HLTP 310. Stats and Methods for Health Professions. Scientific method as the means through which knowledge advances in allied health fields. Developing and researching hypotheses, collecting data, testing hypotheses using appropriate statistical techniques, interpreting and reporting statistical results. Research methodology, descriptive statistics, and inferential statistics, as well as use of the computer software Statistical Package for the Social Sciences (SPSS) to analyze data. Writing intensive. Prerequisite: PSYC 120 and junior or senior class standing.
HLTP 311. Professionalism in Public Health. Becoming a health professional requires building a base of knowledge, skills, and experiences. During the course, students reflect on their knowledge, skills, and experience. Based on this reflection fitting internship, graduate school, and/or career opportunities are identified. Elevator pitch, public speaking, community engagement, resume writing, and interview skills are developed and evaluated. Prerequisites: HLTP 110, 218, 230, 240, or instructor’s approval.
HLTP 315. Health Policy. This course provides a foundation for both healthcare professionals and citizens to evaluate, and potentially change, health policies which influence the quality of their lives. The course provides an overview of policymaking and the law, the U.S. healthcare system, and public health institutions. Current issues in health policy including individual rights, health economics, health insurance and reform, and healthcare quality are addressed. Students will practice basic skills in health policy analysis and communication for political success. Prerequisites: HLTP 110 Instructor's permission.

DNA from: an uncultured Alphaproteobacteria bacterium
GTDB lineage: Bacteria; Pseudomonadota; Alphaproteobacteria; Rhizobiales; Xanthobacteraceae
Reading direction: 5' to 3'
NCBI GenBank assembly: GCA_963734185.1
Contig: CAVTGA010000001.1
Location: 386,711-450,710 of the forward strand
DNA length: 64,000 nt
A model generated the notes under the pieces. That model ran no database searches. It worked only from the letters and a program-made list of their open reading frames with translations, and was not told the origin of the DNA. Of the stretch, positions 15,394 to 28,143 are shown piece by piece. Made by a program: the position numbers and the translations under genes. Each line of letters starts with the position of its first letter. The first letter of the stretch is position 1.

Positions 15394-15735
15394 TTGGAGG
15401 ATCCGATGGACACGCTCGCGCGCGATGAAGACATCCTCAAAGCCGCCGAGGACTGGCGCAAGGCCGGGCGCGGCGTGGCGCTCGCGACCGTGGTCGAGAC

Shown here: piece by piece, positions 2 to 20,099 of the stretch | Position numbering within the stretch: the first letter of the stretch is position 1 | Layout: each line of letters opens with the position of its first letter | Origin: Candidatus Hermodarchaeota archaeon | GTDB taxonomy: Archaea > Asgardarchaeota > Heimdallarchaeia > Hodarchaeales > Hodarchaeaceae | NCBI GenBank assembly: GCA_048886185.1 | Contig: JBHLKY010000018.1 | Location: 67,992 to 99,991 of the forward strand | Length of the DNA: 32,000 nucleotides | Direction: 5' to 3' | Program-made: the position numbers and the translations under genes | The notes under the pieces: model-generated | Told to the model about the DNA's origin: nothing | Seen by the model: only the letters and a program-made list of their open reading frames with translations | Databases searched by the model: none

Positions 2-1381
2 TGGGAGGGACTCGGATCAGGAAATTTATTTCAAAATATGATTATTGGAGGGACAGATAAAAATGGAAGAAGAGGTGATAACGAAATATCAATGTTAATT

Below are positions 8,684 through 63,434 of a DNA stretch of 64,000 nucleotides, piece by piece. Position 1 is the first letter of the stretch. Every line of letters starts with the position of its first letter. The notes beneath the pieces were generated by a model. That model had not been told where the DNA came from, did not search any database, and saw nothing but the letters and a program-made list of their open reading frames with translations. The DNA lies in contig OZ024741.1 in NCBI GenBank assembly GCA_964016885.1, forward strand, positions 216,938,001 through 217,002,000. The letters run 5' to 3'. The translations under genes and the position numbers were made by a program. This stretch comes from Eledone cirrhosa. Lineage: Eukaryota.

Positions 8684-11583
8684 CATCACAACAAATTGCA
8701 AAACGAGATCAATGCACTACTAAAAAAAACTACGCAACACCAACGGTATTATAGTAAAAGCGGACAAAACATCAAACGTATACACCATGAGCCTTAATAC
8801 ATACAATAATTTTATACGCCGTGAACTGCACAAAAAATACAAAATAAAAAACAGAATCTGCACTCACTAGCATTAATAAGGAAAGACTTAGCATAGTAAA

HLTP 321. Global Health. (also NURS 321) Global health explores the huge disparities of health from country to country. In the 21st century the ease of travel has erased the confinement of communicable diseases and bioterrorism to the borders of a country. The health advances of the 21th century are costly and often pose ethical dilemmas for their implementation. Improvement of global health is a complex and often misunderstood process. Lack of public health professionals in many countries can prevent implementation of beneficial changes. Millennium developmental goals and the World Health Organization goals will guide the study of this course. Prerequisites: HLTP 110 or Instructor's permission.
HLTP 330. Environmental Health. (also Environmental Studies 330) This course addresses key areas of environmental health. Environmental epidemiology, environmental toxicology, and environmental policy and regulation are discussed as tools necessary to understand and promote environmental health. Specific agents of environmental diseases are analyzed. Applications of environmental health, including water and air quality, food safety, waste disposal, occupational health, and unintentional injuries and death, are explored. Prerequisites: HLTP 110 or ENVR 110 or 112.
HLTP 340. Health Program Planning and Evaluation. (also Nursing 340) This course introduces students to the theory and application of public health program planning, implementation, and evaluation. The curriculum focuses on community needs assessment, partnership building, designing clear objectives, developing a strategic plan, implementing culturally competent interventions, formative and summative evaluation, and sustainability of programs. Students will design their own public health program and evaluation plan using a logic model and public health planning models. Prerequisites: HLTP 110 or Nursing 115